Determining who is at fault for a car accident can at times be simple and other times complicated. A driver running into the rear of your car while you are stopped is usually a pretty simple example of fault on the part of that driver. Other situations, however, can involve fault on the part of both drivers and depend on a host of factors.
Because fault is so important to the value of any car accident claim, it is in any car accident victim’s best interest to hire a skilled attorney, who can help them establish that the other driver was at fault for the accident. If you or a loved one has been injured in a car accident in California, call eAccidents today at 844-400-0123 for a free consultation with a qualified and experienced California personal injury attorney.
What is Negligence in a California Car Accident Case?
Determining fault for a car accident is another way of asking who was negligent. But what is negligence? As it relates to California car accidents, negligence occurs when someone fails to fulfill their legal duty to exercise reasonable care and caution on the road and, as a result, someone is injured.
State traffic laws (codified in the California Vehicle Code (CVC) provide guidelines by which negligence may be measured. These rules not only apply to automobiles but also motorcycles, trucks, bicycles, and pedestrians.
In some cases, a driver may be found negligent even if he or she was obeying the law. For example, a driver may have been traveling at the posted speed limit, but still be held negligent because it was unreasonably careless to drive at that speed, given the weather or traffic conditions at the time.
What is Comparative Negligence in California?
If a driver is found negligent, they are at least partly at fault for the accident that resulted from that negligence. But what happens if both drivers were negligent?
If both drivers were negligent, or in other words, if both drivers failed to exercise reasonable care and caution on the road, then we have a situation referred to in California as Comparative Negligence. This means that the role that each driver played in causing the accident must be compared to determine how much fault is attributable to each.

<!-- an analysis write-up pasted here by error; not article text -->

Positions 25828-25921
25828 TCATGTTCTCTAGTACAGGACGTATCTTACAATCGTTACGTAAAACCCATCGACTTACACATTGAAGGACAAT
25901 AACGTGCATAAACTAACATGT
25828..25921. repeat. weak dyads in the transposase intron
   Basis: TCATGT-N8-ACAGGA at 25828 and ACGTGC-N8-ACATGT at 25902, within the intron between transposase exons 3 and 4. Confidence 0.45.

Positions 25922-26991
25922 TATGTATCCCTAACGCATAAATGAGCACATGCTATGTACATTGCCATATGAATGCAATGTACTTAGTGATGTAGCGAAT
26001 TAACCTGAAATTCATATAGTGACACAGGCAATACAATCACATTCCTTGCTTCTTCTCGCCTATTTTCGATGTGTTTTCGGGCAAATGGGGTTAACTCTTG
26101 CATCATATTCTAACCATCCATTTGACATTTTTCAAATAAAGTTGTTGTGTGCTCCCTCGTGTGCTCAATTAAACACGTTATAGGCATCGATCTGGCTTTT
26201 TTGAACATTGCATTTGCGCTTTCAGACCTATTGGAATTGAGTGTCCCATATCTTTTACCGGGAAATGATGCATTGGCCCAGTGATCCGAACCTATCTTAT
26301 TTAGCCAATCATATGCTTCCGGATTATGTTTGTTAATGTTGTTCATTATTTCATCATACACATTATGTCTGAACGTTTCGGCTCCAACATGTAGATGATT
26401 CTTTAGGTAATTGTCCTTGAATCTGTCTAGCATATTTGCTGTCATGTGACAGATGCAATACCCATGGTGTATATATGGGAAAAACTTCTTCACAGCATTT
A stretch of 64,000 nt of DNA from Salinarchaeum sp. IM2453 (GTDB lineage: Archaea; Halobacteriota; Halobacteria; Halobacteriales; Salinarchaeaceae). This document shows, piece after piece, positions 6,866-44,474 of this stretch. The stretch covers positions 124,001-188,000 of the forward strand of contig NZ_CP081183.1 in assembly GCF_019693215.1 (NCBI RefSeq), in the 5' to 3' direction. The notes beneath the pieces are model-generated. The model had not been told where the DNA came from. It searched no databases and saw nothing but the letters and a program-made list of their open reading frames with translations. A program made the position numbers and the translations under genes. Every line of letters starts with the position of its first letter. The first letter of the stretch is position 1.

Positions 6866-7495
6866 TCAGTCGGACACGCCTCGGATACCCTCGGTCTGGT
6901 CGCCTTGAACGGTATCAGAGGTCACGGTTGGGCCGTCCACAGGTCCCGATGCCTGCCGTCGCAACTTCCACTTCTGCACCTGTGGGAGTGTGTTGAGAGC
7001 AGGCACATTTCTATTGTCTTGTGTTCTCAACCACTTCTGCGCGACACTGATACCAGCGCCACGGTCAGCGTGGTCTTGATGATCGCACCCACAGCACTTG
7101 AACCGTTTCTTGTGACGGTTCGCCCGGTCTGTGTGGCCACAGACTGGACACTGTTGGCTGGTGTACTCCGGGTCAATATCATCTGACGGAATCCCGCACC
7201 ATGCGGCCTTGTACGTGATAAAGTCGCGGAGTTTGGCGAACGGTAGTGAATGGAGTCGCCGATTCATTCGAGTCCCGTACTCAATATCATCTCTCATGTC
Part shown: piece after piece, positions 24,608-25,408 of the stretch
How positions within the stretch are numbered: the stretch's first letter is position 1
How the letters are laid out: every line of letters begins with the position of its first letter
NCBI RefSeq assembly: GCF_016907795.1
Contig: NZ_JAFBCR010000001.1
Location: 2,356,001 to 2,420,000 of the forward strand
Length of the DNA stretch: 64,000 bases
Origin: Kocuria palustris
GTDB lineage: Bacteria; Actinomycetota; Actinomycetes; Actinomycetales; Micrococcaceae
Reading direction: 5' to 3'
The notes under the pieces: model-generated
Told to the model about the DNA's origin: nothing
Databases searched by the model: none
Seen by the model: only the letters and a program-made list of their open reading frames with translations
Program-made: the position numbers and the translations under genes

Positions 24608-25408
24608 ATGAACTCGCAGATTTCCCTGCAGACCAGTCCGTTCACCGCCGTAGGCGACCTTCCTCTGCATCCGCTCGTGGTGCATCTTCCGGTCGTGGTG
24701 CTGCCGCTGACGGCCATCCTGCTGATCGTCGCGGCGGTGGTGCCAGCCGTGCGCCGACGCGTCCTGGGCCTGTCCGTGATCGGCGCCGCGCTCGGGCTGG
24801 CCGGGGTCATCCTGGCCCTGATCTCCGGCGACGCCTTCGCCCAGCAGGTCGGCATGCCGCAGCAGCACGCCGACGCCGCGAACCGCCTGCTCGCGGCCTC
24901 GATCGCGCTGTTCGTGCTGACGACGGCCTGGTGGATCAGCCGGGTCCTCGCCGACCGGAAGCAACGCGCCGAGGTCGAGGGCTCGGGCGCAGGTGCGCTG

California personal injury law follows the doctrine of Pure Comparative Negligence, meaning that regardless of how much fault for the accident is attributable to you, you are still entitled to seek compensation for your injuries and losses. However, the amount of compensation you are ultimately awarded by a judge or jury will be reduced by your own percentage of fault.
For example, let’s say you were injured in a car accident and your damages were assessed to be a total of $100,000. If you were also assessed 20% fault for the accident, you would only be able to recover $80,000 in total damages ($100,000 minus 20%). Likewise, if you were assessed 80% of the fault, you would only be able to recover 20% of your total damages.
Important Considerations When Determining Fault for a California Car Accident
Determining who is at fault for a car accident isn’t always easy. The drivers involved in the crash usually start blaming one another right away.
Even so-called eyewitnesses aren’t always reliable. Seemingly simple questions such as what color the traffic light was or who had the right of way can be hotly disputed.
To make a legal determination of fault after a car accident, the facts leading up to the accident must be established. Important considerations include:
- The speed of each vehicle involved;
- Whether any traffic laws were violated;
- Whether a driver was distracted by a cellphone, or impaired by drugs or alcohol;
- The police report’s description of the accident; and
- The observations of independent witnesses.
Also, keep in mind that not all car accidents are caused by driver negligence. Sometimes car accidents are caused by a malfunctioning or defective auto part. When that happens, the manufacturer may be held liable for any resulting injuries or losses.
These are all things that only an experienced attorney will know to look for and how to analyze to ensure that you come out on the good end of the stick in terms of assessing fault for the accident.
What to Do After a California Car Accident?
After being injured in a California car accident, it is important to:
- Seek immediate medical treatment for your injuries;
- Contact the police;
- Collect the names and contact information of everyone involved, as well as any eyewitnesses;
- Document the scene of the accident as well as the damage to the vehicles involved with photographs and/or videos; and
- Contact a reputable California personal injury attorney as soon as possible.
**For Steps 3-5, eAccidents has an app for that! Download (http://onelink.to/eaccidents) the eAccidents app today to ensure all of your case information is taken down properly.**
Contact an Experienced California Car Accident Attorney
If you have been injured in a car accident in California, and have a question about who’s at fault, contact eAccidents at 844-400-0123 to arrange a free consultation with a personal injury attorney. Our experienced California personal injury attorneys can evaluate the circumstances of your car accident, and give you guidance on whether you have a car accident claim that you should pursue. Call eAccidents today.